Early in 2010, Treasury announced that the Hardest Hit Fund® would provide more than $7.6 billion in aid for homeowners in states hit hardest by the economic crisis. Since then, state housing finance agencies have used the fund to develop programs that stabilize local housing markets and help families avoid foreclosure. Hardest Hit Fund programs complement the Making Home Affordable Program but are not limited to homeowners eligible for Making Home Affordable. See more..
Hardest Hit Housing Fund HHF Explained
Hardest Hit Program Not Helping Enough Homeowners
The Hardest Hit Housing Program is intended to assist 18 states across the country. USAToday has covered the obstacles with the current Hardest Hit Program:
The federal Treasury Department, which oversees the Hardest Hit Fund, points to several obstacles in getting the money into the hands of homeowners:
Setting up the organization’s infrastructure in Washington and the 18 participating states most affected because of deep home-price declines and high unemployment.
Making themselves known to the homeowners, financial counselors and lending institutions.
Soliciting homeowners who want help.
“There are a number of states where we are still seeing homeowners really reluctant to reach out for help,” said Andrea Risotto, Treasury spokeswoman.
Homeowners who did apply early on were discouraged because they were rejected on eligibility requirements, she said. Since then, individual states have revised their programs to include a broader range of people.
Many who were rejected could qualify if they applied again. Read more..
If you live in one of these states or DC:
Here is the link to the US Treasury explaining each state and the contact information regarding qualifying for the program.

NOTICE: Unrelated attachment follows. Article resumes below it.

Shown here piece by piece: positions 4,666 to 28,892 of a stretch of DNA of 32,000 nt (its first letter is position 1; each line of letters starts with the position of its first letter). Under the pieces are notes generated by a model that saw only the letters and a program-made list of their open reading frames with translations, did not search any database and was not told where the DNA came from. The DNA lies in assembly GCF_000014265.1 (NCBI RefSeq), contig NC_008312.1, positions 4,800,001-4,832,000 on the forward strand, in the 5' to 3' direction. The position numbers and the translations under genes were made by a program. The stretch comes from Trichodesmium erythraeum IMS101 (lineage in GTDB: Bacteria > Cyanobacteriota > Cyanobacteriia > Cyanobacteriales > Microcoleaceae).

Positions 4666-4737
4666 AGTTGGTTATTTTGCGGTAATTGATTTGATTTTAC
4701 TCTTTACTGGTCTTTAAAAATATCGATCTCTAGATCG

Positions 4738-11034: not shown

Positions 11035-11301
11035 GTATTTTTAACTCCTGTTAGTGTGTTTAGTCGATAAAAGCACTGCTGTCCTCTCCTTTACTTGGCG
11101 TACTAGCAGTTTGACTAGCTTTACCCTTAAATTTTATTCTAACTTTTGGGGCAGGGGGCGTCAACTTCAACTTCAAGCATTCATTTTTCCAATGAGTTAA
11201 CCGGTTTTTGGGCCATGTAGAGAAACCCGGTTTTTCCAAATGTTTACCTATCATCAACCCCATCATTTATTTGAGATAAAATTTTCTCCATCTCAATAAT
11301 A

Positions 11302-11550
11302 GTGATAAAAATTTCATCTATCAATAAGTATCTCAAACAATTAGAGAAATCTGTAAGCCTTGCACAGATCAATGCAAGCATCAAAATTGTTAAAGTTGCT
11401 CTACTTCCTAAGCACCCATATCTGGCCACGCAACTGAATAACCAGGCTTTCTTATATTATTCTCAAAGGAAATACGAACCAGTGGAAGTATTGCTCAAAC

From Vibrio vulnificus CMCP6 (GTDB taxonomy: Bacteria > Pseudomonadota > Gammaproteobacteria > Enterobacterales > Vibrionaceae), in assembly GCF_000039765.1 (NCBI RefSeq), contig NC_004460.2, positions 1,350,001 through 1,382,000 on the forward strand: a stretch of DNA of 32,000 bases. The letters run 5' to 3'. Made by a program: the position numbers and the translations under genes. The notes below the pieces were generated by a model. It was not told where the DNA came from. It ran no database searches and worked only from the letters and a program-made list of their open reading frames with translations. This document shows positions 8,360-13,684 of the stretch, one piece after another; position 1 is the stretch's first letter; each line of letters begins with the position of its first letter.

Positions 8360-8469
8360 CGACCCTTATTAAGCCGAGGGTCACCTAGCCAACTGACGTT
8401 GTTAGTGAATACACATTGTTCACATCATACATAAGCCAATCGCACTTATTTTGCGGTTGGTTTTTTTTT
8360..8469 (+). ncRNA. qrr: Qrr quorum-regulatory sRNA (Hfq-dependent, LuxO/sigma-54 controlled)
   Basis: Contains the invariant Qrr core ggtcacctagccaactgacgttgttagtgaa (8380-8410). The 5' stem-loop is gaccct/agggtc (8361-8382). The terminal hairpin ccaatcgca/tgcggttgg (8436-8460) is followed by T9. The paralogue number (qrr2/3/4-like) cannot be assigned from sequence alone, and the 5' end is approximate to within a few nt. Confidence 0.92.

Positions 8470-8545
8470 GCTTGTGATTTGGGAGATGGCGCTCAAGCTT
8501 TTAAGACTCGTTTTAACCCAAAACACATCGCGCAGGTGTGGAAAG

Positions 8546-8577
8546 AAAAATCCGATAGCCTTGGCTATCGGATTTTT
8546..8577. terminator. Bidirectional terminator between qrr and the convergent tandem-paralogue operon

There are times in life when bad luck hits you bluntly in the face. Having a mortgage and being unemployed is such a case. Thousands of Americans have found out that their home value has sunk deep, their mortgage payments are coming as scheduled, but then the worst case scenario happens and the homeowner looses his job.
Losing a Job and Having Mortgage To Pay
Is the Home Affordable Unemployment Program for you? Here are the criteria as posted by the Make Home Affordable site:
You may be eligible for UP if you meet all of the following criteria:
You are unemployed and eligible for unemployment benefits.
You occupy the house as your primary residence.
You have not previously received a HAMPSM modification.
You obtained your mortgage on or before January 1, 2009.
You owe up to $729,750 on your home.
*Eligibility criteria are for guidance only. Contact your mortgage servicer to see if you are eligible for UP. See more.
More On Programs To Help You Pay Mortgage When Unemployed
Chase Bank – Home Affordable Unemployment Program
Here are the guidelines for the Chase BankUnemployed Assistance Relief Program:
During this time, you are provided a temporary relief in the form of reduced monthly repayments while you are on the lookout for a new job. This relief is termed as forbearance.
According to the recommendations of this program, you are not liable to pay more than 31% of your total monthly household income towards your home loan. It is applicable for up to 12 months or till the time, you find a new employment. Chase Bank is however very customer friendly bank and it reviews your mortgage, 30 days before the forbearance period is over to check if you are eligible for an extension of this relief. You can also consider the Home Affordable Modification Program. In case, you don’t qualify for any of the above, Chase Bank will still provide you help to avoid foreclosure.
For the eligibility criteria and other details about this program, you can call Chase Bank home loan support at1-866-550-5705. See Source..
Losing a job and having mortgage payments can wreck any family, which has to deal not only with the stress of finding a job, but also the fear of loosing their home back to the bank. Home Affordable Unemployment Program was developed to help at exactly these incidents.